Why has it taken so long? That is the first question readers are likely to ask about the Government's decision to extend the retrieval of organs for transplants from intensive care units – the traditional source – to accident and emergency departments.
Most people will be astonished to learn that it doesn't happen already. We have had decades of debate over how to increase organ donation – from opt-in versus opt-out donor registers, to a legalised market – only to discover that there is an ethically simpler, technical solution to the shortage: retrieving them from patients who die in Accident and Emergency.
The reason why this has only become possible now is a mix of changing attitudes and changing fortunes.
The vast sums poured into the NHS over the past decade have made CT scanners widely available for the first time. So patients brought in unconscious to A&E with a brain haemorrhage after suffering a stroke can now be rapidly assessed to determine the extent of the damage. Hopeless cases can for the first time be swiftly and accurately identified.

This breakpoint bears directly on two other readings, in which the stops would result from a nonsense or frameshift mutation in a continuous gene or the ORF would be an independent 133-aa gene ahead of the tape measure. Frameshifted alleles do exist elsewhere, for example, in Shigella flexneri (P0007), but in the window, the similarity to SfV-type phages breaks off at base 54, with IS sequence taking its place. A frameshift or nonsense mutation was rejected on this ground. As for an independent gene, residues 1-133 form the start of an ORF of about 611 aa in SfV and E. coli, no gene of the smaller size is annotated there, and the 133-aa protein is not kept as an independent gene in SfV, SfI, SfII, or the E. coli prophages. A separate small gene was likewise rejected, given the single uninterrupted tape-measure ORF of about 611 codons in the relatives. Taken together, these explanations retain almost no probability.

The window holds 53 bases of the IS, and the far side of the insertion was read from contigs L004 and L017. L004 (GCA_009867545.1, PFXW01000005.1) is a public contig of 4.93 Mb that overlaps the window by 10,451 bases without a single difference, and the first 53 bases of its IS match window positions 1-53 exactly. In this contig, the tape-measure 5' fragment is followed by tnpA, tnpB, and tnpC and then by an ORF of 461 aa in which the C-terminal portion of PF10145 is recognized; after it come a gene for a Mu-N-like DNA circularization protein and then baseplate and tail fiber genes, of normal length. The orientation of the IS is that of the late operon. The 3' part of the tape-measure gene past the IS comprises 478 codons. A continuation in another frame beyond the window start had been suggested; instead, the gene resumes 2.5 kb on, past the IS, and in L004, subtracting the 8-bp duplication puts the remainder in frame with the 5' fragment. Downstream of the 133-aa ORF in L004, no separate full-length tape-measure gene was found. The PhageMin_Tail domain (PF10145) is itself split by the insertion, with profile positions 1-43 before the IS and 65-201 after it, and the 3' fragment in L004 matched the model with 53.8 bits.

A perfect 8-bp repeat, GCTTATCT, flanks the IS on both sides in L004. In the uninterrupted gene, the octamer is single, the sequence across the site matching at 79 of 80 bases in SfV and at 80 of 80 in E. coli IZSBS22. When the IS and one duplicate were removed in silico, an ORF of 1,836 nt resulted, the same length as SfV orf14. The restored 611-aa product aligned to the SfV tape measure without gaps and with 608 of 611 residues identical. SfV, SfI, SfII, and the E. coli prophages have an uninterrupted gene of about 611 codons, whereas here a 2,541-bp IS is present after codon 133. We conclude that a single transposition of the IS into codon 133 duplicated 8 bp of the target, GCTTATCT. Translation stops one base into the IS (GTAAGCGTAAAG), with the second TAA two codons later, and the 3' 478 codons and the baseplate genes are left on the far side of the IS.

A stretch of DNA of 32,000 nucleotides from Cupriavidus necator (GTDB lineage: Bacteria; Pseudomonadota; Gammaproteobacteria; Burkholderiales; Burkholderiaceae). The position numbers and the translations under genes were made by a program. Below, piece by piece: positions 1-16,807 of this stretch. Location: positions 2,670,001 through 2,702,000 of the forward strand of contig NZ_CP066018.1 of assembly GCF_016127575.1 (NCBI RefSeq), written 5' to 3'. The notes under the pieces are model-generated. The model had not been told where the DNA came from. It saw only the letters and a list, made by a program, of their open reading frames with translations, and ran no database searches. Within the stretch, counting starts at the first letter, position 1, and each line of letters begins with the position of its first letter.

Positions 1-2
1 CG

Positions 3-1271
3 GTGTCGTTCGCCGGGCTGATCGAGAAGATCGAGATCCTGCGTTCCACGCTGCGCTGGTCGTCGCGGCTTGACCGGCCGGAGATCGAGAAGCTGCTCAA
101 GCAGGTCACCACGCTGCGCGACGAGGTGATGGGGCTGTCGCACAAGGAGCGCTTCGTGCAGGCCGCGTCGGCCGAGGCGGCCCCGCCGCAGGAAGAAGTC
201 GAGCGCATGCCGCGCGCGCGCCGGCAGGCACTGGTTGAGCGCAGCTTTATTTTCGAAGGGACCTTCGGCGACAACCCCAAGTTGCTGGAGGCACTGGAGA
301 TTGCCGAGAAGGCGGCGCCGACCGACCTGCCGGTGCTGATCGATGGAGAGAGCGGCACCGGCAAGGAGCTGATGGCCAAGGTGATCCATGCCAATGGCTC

At the same time, attitudes have shifted over donors. Traditionally organs have been taken from patients certified brain dead – where there is no electrical activity in the brain. In the last few years, this has been extended to include patients whose hearts have stopped, but where brain death has not been established.
"Non-heart-beating" donors expand the pool and make it practical to retrieve organs from patients who die in A&E. However medical staff in most A&E departments are not attuned to the needs of organ donation and need training in how to broach the subject with grieving relatives and carry out the retrieval.
But transplant surgeons are also focused on another prize: retrieving organs from people who die of a heart attack. There are many more of those than who die of a brain haemorrhage and have treatment withdrawn. A pilot study is underway in Newcastle.Reuse content